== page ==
The attacking full-back, after all, must boast speed and stamina to charge up and down the line constantly. He also is expected to be composed and precise enough to deliver a steady stream of crosses in the final third. Yet he’s also crucial in a defensive sense and must be capable of outwitting opposition wingers in one-against-one battles near the touchline.

The combination of these three major prerequisites, none of which naturally has any relation to another, means the role of the full-back is incredibly demanding. Yet they are, in general, often the weakest players on the pitch.

The concept of the attacking full-back is nothing new: you can find examples from the middle of the 20th century, and it’s now been nearly two decades since managers realised full-backs, playing in 4-4-2 systems, were often those with the most space in front of them and therefore started to field attack-minded players there. Yet the speed of football has increased astonishingly over recent decades, and particularly over the last three or so seasons, when an obsession with possession has given way to a frantic, fast-paced pressing style.

It means the athletic requirements of full-backs are greater than ever; it’s also notable that Walker has established himself as the Premier League’s best right-back almost solely because of his physical, rather than technical, attributes.

Ultimately, £50m appears an extraordinary amount of money to pay for Walker, yet ultimately this is a case of supply and demand: there are very few full-backs who have proved capable of performing at such high intensity in the Premier League. The acquisition of Danilo is interesting: although he was underwhelming at Real Madrid, he demonstrated enough quality at Porto to suggest he boasts the right raw qualities. Guardiola might work wonders with him.

The signing of Mendy is considerably more exciting. After three promising seasons at Marseille and one truly outstanding campaign with Monaco, Mendy has established himself as one of the most complete full-backs around. He is capable of defending solidly and has the necessary dynamism to get up and down the line for the entire game, and it’s particularly noticeable that he is also extremely intelligent in the final third.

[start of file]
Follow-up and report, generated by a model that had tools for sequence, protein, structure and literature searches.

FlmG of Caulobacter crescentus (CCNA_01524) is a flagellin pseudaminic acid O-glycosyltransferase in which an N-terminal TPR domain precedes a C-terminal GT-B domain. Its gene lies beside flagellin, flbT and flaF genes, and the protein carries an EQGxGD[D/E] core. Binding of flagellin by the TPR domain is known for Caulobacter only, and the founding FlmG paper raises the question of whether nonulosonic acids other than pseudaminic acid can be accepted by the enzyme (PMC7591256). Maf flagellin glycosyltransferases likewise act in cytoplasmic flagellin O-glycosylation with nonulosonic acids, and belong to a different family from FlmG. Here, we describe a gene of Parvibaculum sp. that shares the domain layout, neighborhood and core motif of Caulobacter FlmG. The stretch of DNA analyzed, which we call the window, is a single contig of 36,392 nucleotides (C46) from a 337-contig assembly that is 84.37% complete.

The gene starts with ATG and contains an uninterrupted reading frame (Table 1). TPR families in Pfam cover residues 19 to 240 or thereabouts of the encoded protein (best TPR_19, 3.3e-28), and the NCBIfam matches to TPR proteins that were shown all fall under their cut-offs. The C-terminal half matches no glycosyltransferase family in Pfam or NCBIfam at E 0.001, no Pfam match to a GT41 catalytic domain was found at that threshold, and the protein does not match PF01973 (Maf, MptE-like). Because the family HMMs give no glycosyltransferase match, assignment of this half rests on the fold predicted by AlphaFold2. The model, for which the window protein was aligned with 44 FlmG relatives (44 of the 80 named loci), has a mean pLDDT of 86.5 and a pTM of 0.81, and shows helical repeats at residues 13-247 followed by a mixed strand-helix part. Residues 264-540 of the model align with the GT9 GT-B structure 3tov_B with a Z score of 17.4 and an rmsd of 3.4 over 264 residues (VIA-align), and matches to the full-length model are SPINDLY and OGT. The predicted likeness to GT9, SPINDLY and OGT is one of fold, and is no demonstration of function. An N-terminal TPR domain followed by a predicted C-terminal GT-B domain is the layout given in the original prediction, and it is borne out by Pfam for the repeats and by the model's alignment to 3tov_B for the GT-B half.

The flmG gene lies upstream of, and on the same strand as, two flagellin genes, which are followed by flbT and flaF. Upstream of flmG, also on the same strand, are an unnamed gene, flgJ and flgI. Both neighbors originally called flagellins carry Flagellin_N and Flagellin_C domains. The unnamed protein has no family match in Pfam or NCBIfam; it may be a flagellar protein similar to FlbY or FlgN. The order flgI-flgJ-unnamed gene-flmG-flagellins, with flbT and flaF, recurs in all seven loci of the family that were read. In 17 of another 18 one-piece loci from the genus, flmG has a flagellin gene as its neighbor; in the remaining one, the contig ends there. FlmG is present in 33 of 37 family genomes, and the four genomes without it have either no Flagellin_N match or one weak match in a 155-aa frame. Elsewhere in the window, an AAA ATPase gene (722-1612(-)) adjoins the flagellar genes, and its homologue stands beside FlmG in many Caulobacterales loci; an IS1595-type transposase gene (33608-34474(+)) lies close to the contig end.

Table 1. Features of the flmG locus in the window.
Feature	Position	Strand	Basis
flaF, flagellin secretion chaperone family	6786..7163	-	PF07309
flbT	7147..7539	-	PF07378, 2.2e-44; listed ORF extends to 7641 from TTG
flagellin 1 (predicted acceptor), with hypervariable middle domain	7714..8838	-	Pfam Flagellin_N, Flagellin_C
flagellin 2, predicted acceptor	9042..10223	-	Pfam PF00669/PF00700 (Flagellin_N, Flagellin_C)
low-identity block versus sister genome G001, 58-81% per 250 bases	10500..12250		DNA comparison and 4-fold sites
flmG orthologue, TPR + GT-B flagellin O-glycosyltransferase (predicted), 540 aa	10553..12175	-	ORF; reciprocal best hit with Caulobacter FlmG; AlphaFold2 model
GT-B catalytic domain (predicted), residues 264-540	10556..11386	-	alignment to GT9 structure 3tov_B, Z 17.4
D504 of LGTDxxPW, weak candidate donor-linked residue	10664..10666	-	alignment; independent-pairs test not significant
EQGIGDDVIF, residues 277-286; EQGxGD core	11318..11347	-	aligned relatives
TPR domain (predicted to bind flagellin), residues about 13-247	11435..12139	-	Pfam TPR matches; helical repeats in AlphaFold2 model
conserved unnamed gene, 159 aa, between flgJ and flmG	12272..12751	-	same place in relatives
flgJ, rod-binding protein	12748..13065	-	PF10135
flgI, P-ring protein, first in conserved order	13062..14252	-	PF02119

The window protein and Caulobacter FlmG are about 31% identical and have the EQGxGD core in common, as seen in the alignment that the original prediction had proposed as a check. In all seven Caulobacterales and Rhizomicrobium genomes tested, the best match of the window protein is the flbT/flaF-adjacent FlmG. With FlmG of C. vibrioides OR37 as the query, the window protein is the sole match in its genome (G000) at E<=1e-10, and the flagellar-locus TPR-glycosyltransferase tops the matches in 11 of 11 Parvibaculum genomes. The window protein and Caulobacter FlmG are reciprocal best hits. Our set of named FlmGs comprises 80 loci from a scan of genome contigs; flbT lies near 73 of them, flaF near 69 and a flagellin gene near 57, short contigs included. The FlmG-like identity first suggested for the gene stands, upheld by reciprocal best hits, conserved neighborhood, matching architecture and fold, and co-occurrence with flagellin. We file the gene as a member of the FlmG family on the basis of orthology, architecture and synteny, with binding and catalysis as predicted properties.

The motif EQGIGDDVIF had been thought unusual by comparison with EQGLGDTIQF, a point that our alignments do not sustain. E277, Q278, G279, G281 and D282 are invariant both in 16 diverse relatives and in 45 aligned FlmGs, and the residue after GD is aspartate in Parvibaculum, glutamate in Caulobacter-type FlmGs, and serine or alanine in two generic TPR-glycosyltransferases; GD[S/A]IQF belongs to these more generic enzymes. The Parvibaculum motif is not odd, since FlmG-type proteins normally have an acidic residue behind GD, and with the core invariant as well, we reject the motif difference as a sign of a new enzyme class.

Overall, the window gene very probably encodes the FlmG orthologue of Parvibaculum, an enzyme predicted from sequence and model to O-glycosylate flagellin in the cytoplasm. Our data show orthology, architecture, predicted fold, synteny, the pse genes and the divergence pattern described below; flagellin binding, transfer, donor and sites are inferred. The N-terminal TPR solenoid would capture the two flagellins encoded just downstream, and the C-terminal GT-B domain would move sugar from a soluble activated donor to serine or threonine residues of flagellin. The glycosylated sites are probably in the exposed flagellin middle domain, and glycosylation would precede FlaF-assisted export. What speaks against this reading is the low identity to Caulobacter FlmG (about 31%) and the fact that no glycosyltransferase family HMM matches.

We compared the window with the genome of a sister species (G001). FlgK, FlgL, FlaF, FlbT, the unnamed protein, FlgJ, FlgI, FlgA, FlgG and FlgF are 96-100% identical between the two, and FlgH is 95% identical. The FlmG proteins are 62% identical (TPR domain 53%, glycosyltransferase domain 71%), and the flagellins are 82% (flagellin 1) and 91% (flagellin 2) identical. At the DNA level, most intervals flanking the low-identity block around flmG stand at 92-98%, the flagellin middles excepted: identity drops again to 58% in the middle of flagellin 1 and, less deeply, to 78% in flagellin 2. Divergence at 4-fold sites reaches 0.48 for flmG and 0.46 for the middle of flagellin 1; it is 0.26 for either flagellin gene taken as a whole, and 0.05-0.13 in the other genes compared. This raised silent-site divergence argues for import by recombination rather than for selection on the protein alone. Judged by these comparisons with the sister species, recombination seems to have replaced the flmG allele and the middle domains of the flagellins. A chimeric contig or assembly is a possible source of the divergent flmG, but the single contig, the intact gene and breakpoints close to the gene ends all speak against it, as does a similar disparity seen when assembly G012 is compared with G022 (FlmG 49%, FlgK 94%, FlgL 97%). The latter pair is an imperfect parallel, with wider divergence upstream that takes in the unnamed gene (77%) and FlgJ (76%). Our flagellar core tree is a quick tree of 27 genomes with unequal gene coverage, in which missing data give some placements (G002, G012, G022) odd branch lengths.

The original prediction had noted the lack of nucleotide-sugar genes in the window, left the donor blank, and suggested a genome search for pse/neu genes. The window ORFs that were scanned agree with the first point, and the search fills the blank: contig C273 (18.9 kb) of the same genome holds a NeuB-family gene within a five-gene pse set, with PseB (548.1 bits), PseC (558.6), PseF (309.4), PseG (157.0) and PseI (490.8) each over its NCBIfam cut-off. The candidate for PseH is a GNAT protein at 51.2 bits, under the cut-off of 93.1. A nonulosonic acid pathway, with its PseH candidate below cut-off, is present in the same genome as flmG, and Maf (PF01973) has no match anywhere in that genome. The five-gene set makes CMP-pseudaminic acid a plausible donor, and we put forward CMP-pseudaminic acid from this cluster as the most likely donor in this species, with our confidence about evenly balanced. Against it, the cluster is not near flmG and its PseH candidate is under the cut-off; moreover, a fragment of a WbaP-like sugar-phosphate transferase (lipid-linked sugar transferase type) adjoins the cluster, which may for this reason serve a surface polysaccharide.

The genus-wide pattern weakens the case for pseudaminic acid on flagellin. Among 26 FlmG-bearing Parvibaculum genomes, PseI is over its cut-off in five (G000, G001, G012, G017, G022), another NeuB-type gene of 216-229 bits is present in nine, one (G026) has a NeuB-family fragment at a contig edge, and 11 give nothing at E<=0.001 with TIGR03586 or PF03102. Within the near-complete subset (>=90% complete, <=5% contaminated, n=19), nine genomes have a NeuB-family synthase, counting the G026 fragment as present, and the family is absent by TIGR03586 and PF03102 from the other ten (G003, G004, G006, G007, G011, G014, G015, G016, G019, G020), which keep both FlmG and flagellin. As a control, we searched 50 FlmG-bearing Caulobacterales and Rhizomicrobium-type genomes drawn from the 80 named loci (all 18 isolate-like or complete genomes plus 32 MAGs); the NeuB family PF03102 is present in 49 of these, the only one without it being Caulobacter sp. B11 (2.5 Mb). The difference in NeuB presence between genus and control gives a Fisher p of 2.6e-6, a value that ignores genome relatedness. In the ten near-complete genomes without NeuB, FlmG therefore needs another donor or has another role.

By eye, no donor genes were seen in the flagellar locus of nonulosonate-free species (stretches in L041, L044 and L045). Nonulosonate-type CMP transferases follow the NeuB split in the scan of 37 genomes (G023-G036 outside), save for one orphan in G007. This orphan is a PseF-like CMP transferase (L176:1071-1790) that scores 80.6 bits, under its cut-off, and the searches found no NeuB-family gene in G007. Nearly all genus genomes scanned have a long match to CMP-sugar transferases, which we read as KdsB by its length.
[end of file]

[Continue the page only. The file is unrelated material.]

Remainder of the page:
Whereas other full-backs simply get underneath the ball and loft hopeful crosses into the box, it’s notable that Mendy is calm and composed when he enters the final third, often picking up good low balls into the six-yard box or driving clever cutbacks toward the edge of the box. That presence of mind remains relatively rare in full-backs.

Of course, the widespread shift toward three-man defences last season means there’s a further divide between defensive-minded and attack-minded full-backs. The likes of Cesar Azpilicueta and Nacho Monreal were converted into wide centre-backs, whereas Marcos Alonso and Hector Bellerin became rampaging wing-backs. Guardiola may well field a three-man defence at points this season, but it probably will be in a fluid system in which he switches between a three and a four. This means his full-backs must also be extremely good in a tactical sense, too.

It remains to be seen whether City’s new full-backs can help them win the title. If City do triumph, however, it’s unlikely they’ll be the stars. Despite their huge evolution, the full-backs will still very much play a background role.

Michael Cox is the editor of and a contributor to ESPN FC. Follow him on Twitter @Zonal_Marking.